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Prevention and Control of Top 7 Invasive Weeds

The top 7 invasive weeds that we highlight this month are predators that will leach water and nutrients from your desired plants.  Some of them are highly flammable.  Our treatment recommendations for getting rid of the top 7 emphasize the least toxic practices.

Getting rid of these weeds is a combination of mechanical or biological means. 
Although Integrated Pest Management (Best Practices) sometimes requires a chemical solution.  Seriously, they are tough t to control.  Consult a professional if possible.

Because the weather is already warming and experts forecast a dry spring, this is the time to remove them. Fire district warnings may come sooner than expected.

What are invasive weeds?

This definition is based on their real threat to native plant and animal communities.  Their impact includes the risk of fire, flooding, and the potential to lower land value.

What are noxious weeds?

One weed on our list is considered noxious.  This term is a legal one used by state regulatory agencies.  A weed is categorized as such if it poses a threat to agriculture or plants and enables the agencies to ban, quarantine, or eradicate them.

The First Line of Defense is Maintenance (Prevention)


The Top 7 Invasive Weed Types

You may notice some weeds entangling their branches around your desired plants, or growing in the middle of them. It may take time to trace their branches to get to their roots. 

Some are flammable – noted in red below.

Broom Species (French & Scotch) Fire Hazard

French or Scotch Broom

French or Scotch Broom


Plentiful in forests, wooded areas, and roadsides. They spread along roads and appear like small trees.
Despite pretty flowers, they are toxic to humans and animals.
Crowds out desirable species by leaching nutrients.
Seeds spread by wind.

With a hot dry summer forecasted, get rid of these now.
Treatment Options
Hand pull between January-May

Cut and treat with an herbicide


Fennel or Licorice Plan – Fire Hazard

Fennel

Fennel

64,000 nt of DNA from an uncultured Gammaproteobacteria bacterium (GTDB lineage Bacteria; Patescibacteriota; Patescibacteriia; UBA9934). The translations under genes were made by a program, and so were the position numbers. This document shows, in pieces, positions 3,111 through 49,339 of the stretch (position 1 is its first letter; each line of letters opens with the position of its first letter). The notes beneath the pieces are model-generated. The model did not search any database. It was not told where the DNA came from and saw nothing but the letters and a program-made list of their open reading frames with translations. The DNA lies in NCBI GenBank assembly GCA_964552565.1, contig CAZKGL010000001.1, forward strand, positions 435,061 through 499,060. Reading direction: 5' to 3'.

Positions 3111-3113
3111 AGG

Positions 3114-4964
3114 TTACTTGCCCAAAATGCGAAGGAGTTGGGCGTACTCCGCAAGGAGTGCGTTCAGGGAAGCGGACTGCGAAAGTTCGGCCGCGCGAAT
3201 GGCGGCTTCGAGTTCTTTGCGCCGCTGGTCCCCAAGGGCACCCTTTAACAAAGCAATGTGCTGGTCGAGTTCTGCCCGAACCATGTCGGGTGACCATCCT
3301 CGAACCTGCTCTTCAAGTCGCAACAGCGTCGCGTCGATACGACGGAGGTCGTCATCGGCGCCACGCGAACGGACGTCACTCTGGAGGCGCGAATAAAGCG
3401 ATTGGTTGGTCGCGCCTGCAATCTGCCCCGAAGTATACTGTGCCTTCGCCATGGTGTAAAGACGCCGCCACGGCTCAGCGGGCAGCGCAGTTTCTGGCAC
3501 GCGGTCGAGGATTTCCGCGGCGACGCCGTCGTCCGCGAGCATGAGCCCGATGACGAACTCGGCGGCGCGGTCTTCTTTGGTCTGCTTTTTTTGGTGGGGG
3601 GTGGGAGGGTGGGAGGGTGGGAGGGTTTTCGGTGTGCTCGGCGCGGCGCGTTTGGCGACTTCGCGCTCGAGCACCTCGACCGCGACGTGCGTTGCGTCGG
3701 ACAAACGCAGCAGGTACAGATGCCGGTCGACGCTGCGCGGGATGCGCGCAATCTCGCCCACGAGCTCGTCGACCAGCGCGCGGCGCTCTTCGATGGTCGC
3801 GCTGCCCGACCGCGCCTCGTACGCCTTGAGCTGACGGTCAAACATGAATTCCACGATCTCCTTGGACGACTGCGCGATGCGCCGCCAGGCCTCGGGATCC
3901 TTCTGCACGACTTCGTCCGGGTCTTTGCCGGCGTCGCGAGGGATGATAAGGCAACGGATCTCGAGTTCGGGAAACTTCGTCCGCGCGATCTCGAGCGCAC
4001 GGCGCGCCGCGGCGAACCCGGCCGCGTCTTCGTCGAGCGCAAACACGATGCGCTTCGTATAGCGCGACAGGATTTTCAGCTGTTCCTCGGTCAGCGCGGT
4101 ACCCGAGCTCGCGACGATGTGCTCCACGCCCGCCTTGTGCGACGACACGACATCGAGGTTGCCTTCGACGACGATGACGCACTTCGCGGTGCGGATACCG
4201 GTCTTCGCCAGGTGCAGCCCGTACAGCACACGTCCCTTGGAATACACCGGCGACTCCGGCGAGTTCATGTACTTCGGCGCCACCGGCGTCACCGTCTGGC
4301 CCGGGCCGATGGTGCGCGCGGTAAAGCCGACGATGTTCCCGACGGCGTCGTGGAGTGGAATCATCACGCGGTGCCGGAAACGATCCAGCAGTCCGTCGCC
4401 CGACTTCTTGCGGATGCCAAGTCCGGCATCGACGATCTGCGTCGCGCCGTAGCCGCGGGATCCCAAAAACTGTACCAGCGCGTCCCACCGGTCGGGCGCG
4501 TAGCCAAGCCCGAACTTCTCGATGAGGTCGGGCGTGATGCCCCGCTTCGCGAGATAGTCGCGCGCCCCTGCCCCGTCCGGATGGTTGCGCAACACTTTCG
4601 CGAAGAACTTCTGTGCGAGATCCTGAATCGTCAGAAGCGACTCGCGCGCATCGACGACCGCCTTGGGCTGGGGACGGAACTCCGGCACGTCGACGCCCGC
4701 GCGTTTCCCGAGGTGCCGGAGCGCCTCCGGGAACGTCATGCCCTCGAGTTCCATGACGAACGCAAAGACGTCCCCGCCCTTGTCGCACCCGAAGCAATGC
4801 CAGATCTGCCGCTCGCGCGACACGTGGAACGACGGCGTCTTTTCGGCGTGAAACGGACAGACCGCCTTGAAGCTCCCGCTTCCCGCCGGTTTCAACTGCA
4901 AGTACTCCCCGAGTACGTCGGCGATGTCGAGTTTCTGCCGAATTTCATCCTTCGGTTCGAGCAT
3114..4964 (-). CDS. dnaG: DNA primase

Seeds spread by wind and compete with other plants for nutrients.
They will displace native plants in coastal areas.

Treatment options
Hand pull when soil is still wet.
Dig out as much of the root as possible with shovels, hand picks.
Mowing needs to be done at the right time or will encourage seed growth.


 
Bull Thistle
Bull Thistle

Bull Thistle


A noxious weed.  Toxic and difficult to control once established.
Showy purple blooms and sharp needle-like leaves.
Grows where the soil is disturbed. Spreads rapidly up to 6 feet.
Aggressively leaches nutrients from desired plants.

Treatment Options
Dig out with a shovel making to get the root before pulling.
Mow before they flower.
California Invasive Plant Council says herbicides are effective.

Cape Ivy
Cape Ivy

Cape Ivy


Poisonous, toxic, and aggressive.  Will reduce habitats for pollinators.
Forms a dense blanket over desired plants. Its weight can cause a tree to fail.
Distinguishing from less invasive ivy is difficult. 
They choke off nutrients from understory vegetation, harbor rats, and snails.

Treatment Options
Requires precision as every stem must be removed.
Removing around the perimeter of a patch.
Because removal is complex cutting and using herbicide may be advised.

It may also require multiple treatments.
Best to use a professional.

Himalayan Blackberry – Fire Hazard
Himalayan Blackberry

Himalayan Blackberry


Don’t confuse this with native blackberries!  Natives are smaller and don’t tangle and sprawl.
The
Himalayan Blackberry grows relentlessly in dense thickets, covered in thorns. 
Highly aggressive, invasive, and difficult to
control. Displaces native species.
They leach out nutrients from desired plants, their thickets can block the sunlight they need.

Treatment options
Mechanical – dig up by root ball.
Burning of mature plants only with consultation with a professional.
Unfortunately, treating with concentrated herbicide is one of the most effective options.

Periwinkle or Vinca Major

Vinca Major

Vinca Major


Vinca Minor is okay! The two types look a little different.
Vinca Major leaves are broader, larger; heart-shaped.
Major is considered invasive because it is aggressive and outcompetes natives, leaching soil nutrients.
It spreads rapidly in shady creeks; drainage areas. 


Treatment Options
Hand pulling will work if roots are not deep and soil is loose and moist. (Then put plants in a plastic bag & destroy)
Mechanical means (put plants in a plastic bag and destroy).
Foliar spray can work.
Cutting and treating with an herbicide is effective if all else fails.



Ice Plants

Ice Plant

Ice Plant


When established, they form a dense mat that can choke out natives and destroy soil chemistry.

This mat can harbor rats and accelerate erosion.
Seeds are prolific. They move from landscaped to natural areas and devastate their ecosystem.
Pieces of the plant can be washed into storm drains.
One study found that when an ice plant was removed, both native and exotic plant species returned.
However, the natives were less abundant.

Treatment Options
Having shallow roots, hand pulling is effective, just do it early.

Closing Note

California Invasive Plant Council has taken the lead on public and professional education, and the eradication of invasive plants. 
They developed a comprehensive inventory of these plants and have initiated multiple plant control projects throughout the state. 
As they are a non-profit they rely on funding and volunteers for them. 
Their website is a great resource if you want to learn more.

Sources and Resources

California Invasive Plant Council (Cal-IPC)

UC Master Gardeners

California Native Plant Society (CNPS)

 

 

 

 

 

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